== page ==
No time for an Ontario election: NDP and Liberals should work together on progressive policy

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This is crunch time for the NDP. Here is the question a lot of progressive people like me are asking: Is Andrea Horwath just another wind-up politician or is she an actual leader?

Because the same-old, same-old populist posturing that's going on right now makes it look like she thinks it's all business as usual, which it is not.

We all do understand that she and the party are in a quandary. But this budget is unfolding in a dangerous context that forces us to expand the frame of this conversation and get real.

We exist in a global reality -- and the seas of the world economy are roiling. We are five years into an economic disaster that is far from over. Growth is at a standstill, more or less -- mostly less. Jobs are dropping off the map. Prices are rising. And there is continuous instability on every horizon.

In so many places, bankers and other (largely corporate) tax criminals have taken over whole governments -- look how Big Oil owns our federal gov. Sometimes they have done it directly through imposing wicked debt conditions (Europe), elsewhere by whipping up disgruntled minorities (hello, Tea Party).

Either way, they're dictating disastrous, impoverishing public policy. Wherever you look, massive numbers of nice people like us are waking up to a social infrastructure that is disappearing in ways we could not have imagined just a few years back.

By the grace of a few miracles, our situation in Ontario is actually better than most. I'm not saying things are great. It's definitely very hard times. But in today's sunny Ontario, we voters have actually managed to put the entire might of the provincial government's economic and political heft in the hands of two determined women of goodwill who both helm parties stocked to the brim with members and supporters who want a better, more compassionate and sustainable world.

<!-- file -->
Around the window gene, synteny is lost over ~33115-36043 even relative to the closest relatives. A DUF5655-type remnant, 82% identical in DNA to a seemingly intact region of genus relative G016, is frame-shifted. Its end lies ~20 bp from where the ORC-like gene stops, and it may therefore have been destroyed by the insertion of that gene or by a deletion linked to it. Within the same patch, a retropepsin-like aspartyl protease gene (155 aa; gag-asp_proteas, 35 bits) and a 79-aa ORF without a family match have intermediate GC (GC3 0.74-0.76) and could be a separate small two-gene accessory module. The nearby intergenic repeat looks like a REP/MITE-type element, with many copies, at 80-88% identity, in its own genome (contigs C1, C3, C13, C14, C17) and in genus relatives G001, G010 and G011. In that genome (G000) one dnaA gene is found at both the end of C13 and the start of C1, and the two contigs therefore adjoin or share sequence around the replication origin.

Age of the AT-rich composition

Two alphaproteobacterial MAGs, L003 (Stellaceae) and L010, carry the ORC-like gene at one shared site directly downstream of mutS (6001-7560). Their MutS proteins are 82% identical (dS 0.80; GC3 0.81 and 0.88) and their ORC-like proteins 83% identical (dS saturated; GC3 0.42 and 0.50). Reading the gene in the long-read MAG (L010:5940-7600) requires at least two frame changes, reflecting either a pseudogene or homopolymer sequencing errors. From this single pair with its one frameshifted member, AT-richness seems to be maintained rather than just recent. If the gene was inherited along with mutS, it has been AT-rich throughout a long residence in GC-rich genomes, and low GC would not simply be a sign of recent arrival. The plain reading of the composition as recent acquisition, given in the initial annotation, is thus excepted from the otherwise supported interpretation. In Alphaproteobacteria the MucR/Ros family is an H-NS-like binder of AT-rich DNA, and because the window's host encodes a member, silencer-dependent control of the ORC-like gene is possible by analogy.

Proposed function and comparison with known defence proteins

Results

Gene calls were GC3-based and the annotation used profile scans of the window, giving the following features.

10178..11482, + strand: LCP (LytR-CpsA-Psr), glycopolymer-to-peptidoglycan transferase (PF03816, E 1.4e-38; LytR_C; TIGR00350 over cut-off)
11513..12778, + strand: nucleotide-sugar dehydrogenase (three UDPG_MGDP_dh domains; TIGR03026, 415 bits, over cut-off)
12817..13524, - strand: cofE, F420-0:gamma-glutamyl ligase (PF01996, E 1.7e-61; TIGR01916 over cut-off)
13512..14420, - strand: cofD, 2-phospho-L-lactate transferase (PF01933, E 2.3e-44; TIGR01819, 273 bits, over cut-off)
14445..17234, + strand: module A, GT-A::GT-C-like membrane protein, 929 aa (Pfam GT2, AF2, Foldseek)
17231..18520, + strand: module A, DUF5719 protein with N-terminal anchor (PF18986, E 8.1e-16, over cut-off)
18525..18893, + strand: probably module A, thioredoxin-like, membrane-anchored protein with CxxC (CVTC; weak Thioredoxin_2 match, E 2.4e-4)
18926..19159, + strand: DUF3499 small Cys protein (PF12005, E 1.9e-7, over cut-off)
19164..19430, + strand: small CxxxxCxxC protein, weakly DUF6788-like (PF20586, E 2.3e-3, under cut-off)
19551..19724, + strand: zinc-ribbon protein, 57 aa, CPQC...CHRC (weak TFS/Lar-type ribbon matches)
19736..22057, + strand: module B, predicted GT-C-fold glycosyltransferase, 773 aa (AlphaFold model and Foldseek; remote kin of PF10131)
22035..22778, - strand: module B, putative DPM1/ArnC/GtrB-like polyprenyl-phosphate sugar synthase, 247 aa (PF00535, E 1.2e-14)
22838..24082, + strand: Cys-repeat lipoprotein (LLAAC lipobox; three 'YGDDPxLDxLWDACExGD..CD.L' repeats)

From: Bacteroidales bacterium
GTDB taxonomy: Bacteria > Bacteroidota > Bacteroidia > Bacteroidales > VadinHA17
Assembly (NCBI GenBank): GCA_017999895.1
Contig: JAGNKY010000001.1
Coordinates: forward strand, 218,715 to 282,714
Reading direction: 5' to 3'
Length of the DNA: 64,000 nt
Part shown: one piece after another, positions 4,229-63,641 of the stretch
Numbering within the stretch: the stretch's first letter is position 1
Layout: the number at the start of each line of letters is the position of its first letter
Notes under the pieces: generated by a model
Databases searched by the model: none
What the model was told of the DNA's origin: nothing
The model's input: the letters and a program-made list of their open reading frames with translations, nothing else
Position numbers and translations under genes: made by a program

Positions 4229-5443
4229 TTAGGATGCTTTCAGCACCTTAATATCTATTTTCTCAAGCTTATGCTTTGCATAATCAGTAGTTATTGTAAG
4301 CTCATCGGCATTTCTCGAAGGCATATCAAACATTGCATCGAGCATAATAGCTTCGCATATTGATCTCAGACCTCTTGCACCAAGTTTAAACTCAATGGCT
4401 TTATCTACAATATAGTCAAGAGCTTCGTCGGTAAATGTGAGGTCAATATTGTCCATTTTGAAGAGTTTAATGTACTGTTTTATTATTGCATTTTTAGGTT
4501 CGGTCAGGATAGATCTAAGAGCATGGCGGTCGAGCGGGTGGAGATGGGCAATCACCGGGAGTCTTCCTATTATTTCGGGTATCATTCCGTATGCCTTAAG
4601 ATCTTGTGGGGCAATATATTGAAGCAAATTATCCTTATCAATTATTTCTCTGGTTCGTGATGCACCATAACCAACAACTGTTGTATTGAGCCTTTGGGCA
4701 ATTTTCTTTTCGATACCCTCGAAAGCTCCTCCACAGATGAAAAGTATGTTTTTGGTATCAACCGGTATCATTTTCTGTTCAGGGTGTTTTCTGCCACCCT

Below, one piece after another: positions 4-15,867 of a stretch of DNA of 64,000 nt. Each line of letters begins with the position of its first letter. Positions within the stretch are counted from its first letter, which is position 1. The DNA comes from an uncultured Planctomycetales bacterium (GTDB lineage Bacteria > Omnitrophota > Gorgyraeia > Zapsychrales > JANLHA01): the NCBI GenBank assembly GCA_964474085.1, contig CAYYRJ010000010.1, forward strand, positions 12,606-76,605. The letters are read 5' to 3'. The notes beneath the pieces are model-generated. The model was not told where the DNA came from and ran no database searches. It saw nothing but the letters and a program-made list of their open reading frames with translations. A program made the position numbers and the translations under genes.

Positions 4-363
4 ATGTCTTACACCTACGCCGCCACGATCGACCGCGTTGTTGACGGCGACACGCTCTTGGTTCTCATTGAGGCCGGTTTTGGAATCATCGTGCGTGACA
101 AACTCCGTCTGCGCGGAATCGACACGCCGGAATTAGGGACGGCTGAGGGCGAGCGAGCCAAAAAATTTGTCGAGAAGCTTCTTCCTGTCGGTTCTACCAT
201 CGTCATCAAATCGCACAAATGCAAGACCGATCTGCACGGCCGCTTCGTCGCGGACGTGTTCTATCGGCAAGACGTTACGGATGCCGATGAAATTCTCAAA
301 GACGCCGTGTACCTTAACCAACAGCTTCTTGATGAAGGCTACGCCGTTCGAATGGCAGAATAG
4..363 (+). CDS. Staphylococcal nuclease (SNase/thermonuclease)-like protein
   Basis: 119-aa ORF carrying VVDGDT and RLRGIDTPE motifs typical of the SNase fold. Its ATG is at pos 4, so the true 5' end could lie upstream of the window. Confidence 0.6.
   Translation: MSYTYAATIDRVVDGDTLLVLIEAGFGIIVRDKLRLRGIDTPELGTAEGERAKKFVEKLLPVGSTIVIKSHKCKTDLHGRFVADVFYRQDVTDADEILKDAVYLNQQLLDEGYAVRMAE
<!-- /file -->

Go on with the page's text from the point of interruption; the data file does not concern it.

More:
And this is truly democracy at work, if we let it be so. These two parties have an impressive democratic mandate with close to two-thirds of the electorate on their side.

Of course, both parties have their not so delightful membership as well -- the zealots and careerists and those angling for their own special interests of the business, financial and union variety. Each party most certainly has its own depressing shadow side that can make the blood boil. But together, they can be amazing.

The budget tabled shows that there is a great opportunity to influence the Liberals under Kathleen Wynne's vigorous new leadership. Horwath got a generous response to most of her demands, signalling that Wynne is prepared to ante up. Her own approach and political calculations include a good dose of progressive appeal.

This, my friends, is in stark contrast to the situation most of the rest of the world is facing. The politicians in so many, many places (including in Canada federally) are mostly either appalling or beyond appalling. Not so here in Ontario. We cannot afford to waste this exceptional opportunity.

The fact is that when it comes to the Ontario budget, this is no time for recklessness. We have a unique opportunity right here, right now. And the need for good government couldn't be greater.

An election is a distraction and most of all a risk we cannot afford in these lean times. The likeliest casualty of a Hudak government -- whether minority or majority -- is what remains of the social fabric we desperately need to shield us from the worst of what is to come.

I understand that this is a conundrum for the NDP: how can the party preserve its premium progressive brand and at the same time use its mandate to make the most of this special situation? But those progressive bona fides will be sacrificed if it doesn't co-operate. New values need to be heralded in these women-led times. Co-operation was once enshrined in the very name of the party. It's time to remember and reaffirm our roots in the inspiring and necessary vision of a co-operative commonwealth.

What is very old is new again. I'm suggesting the New Democratic Party leader embrace both her own feminine side and the party's history. The shiny old beacon of co-operation can once again light a path toward the common wealth we must and can foster and manifest.

This article was first published in NOW Magazine.

Photo: Patrick Imbeau/flickr

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